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14.6: Waste Management

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    Waste management or waste disposal are all the activities and actions required to manage waste from its inception to its final disposal. This includes amongst other things collection, transport, treatment and disposal of waste together with monitoring and regulation. It also encompasses the legal and regulatory framework that relates to waste management encompassing guidance on recycling.

    The term normally relates to all kinds of waste, whether generated during the extraction of raw materials, the processing of raw materials into intermediate and final products, the consumption of final products, or other human activities, including municipal (residential, institutional, commercial), agricultural, and social (health care, household hazardous waste, sewage sludge). Waste management is intended to reduce adverse effects of waste on health, the environment or aesthetics.

    Waste management practices are not uniform among countries (developed and developing nations); regions (urban and rural area), and sectors (residential and industrial).

    Waste Hierarchy

    The waste hierarchy refers to the "3 Rs" reduce, reuse and recycle, which classify waste management strategies according to their desirability in terms of waste minimization. The waste hierarchy remains the cornerstone of most waste minimization strategies. The aim of the waste hierarchy is to extract the maximum practical benefits from products and to generate the minimum amount of waste; see: resource recovery. The waste hierarchy is represented as a pyramid because the basic premise is for policy to take action first and prevent the generation of waste. The next step or preferred action is to reduce the generation of waste i.e. by re-use. The next is recycling which would include composting. Following this step is material recovery and waste-to-energy. Energy can be recovered from processes i.e. landfill and combustion, at this level of the hierarchy. The final action is disposal, in landfills or through incineration without energy recovery. This last step is the final resort for waste which has not been prevented, diverted or recovered. The waste hierarchy represents the progression of a product or material through the sequential stages of the pyramid of waste management. The hierarchy represents the latter parts of the life-cycle for each product.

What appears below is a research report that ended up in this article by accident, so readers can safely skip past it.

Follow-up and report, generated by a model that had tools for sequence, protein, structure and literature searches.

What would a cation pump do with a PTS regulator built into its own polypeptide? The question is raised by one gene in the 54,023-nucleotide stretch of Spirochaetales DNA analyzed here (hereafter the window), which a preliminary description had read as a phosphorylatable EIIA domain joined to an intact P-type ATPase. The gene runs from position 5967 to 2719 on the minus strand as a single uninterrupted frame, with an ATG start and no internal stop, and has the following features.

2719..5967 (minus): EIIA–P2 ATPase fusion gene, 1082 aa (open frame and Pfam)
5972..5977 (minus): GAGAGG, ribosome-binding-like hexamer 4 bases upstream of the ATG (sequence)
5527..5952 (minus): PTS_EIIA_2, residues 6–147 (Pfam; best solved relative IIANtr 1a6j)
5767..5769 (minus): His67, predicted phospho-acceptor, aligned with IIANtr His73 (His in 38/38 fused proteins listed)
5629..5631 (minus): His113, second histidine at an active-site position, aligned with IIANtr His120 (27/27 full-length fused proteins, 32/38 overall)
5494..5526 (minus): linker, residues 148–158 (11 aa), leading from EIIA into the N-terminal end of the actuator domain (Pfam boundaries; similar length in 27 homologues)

Noise Pollution

    Noise pollution is the disturbing noise with harmful impact on the activity of human or animal life. The source of outdoor noise worldwide is mainly caused by machines and transportation systems, motor vehicles engines and trains. Outdoor noise is summarized by the word environmental noise. Poor urban planning may give rise to noise pollution, side-by-side industrial and residential buildings can result in noise pollution in the residential areas. Documented problems associated with urban environment noise go back as far as Ancient Rome. Noise from roadways and other urban factors can be mitigated by urban planning and better design of roads.

    Outdoor noise can be caused by machines, construction activities, and music performances, especially in some workplaces. Noise-induced hearing loss can be caused by outside (e.g. trains) or inside (e.g. music) noise. High noise levels can contribute to cardiovascular effects in humans and an increased incidence of coronary artery disease. In animals, noise can increase the risk of death by altering predator or prey detection and avoidance, interfere with reproduction and navigation, and contribute to permanent hearing loss.

    This page titled 14.6: Waste Management is shared under a CC BY license and was authored, remixed, and/or curated by Garrett Rieck & Justin Lundin.